Parents Beware: Noisy Toys Can Damage Children’s Hearing

Toy safety is not all about swallowing, choking or inhaling dangers. It is also about over-the-top sound levels that can damage children’s hearing. Yet, good hearing is important for learning and for developing speech, language and social skills. Even a very mild loss can make a huge difference for a child’s future. 

Unfortunately, many kids have their first ear-damaging sound exposures in their own homes. It often starts with Baby Sleep machines that are way too loud and with noisy toys, such as rattles and squeaking, screaming squeeze toys.  

It is distressing that there are websites dedicated to the sale of “noisy toys for kids”. How loud are the “toy” police megaphones, drums, music instruments, guns and blasters of all kinds? Manufacturer details usually do not say. This is why parents and family members must be aware in order to keep the kids safe.  

Ear-safe toys are the parents’ responsibility

Toys are tested according to industry standards that actually apply to adults. When sound levels reach an average of 85 decibels and over in the industry, hearing protection must be worn. Yet, some of the toys for small children can pump out a lot more than that.

According to the American Society of Testing and Materials (ASTM), the sound pressure level – or volume – produced by a toy must not exceed 85 decibels at 50 centimeters, which is roughly 20 inches or 1.6 feet. However, children do not play long-distance with toys. They get a lot closer to them than 1.6 feet.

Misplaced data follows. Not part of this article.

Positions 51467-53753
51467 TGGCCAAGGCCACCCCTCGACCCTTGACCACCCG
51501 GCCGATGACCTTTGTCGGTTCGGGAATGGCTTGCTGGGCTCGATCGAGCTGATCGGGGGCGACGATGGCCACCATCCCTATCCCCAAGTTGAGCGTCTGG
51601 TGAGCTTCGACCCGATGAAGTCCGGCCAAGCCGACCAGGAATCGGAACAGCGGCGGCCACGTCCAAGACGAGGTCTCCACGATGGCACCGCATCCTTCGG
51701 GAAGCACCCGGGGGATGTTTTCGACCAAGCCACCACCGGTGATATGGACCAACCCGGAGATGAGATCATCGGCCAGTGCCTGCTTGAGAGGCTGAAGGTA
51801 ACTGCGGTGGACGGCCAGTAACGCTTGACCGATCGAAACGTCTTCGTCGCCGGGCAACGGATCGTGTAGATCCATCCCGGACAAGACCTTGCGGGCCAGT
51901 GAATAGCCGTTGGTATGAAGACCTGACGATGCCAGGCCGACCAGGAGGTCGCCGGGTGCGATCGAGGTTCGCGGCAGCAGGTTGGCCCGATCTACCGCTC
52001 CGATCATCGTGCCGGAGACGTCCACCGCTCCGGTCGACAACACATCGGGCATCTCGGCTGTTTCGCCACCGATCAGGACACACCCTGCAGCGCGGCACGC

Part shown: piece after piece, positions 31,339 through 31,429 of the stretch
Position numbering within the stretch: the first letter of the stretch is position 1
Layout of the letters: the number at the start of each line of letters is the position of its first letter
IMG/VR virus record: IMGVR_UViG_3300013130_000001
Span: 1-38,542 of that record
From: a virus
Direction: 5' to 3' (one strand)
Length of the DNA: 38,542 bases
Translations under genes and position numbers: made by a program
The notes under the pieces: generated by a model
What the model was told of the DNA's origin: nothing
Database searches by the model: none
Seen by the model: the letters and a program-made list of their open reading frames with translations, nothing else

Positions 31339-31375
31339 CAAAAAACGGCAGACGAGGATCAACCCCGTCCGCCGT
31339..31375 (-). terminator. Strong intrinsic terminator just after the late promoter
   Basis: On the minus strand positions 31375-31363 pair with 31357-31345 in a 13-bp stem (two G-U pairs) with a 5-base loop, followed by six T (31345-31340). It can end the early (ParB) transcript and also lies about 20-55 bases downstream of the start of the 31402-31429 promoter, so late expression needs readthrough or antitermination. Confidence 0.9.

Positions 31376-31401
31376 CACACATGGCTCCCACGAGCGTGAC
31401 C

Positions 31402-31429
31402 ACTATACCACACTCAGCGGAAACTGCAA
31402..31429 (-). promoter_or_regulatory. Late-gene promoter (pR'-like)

Every year the Sight and Hearing Association puts out its list of noisy toys. The volume is measured at 0 inches (ear level) and at 10 inches, roughly at arm’s length of a small child. Yet, the fact that a toy is not on a list only means that it was not tested. And so, ear-safe toys are the parents’ responsibility. They decide.

Tips for keeping children safe

  • Kids often react negatively to loud toy sound levels. Respect that reaction
  •  Do not force loud toys on kids as being “fun,” saying that they’ll get used to it
  • Consult the noisy toys lists before buying.
  • Test the sound volume by listening to the toy yourself at the child’s level – lying/sitting next to it on the floor, at ear level etc. 
  • Use your smartphone Sound Meter app to measure the sound level of the toy at various levels – ear level, 10 inches
  • If the description mentions “realistic sound effects,” it is more than likely way too loud

In the end…

Ban excessively noisy toys now! After all, parents are responsible for their children’s safety, which includes the preservation of their good hearing – a most precious sense. Ears do not get “used to” loud sound of any kind. Yet, even slight losses due to noise damage are permanent and can have serious consequences for kids’ education and for their future. And nobody wants for that to happen.


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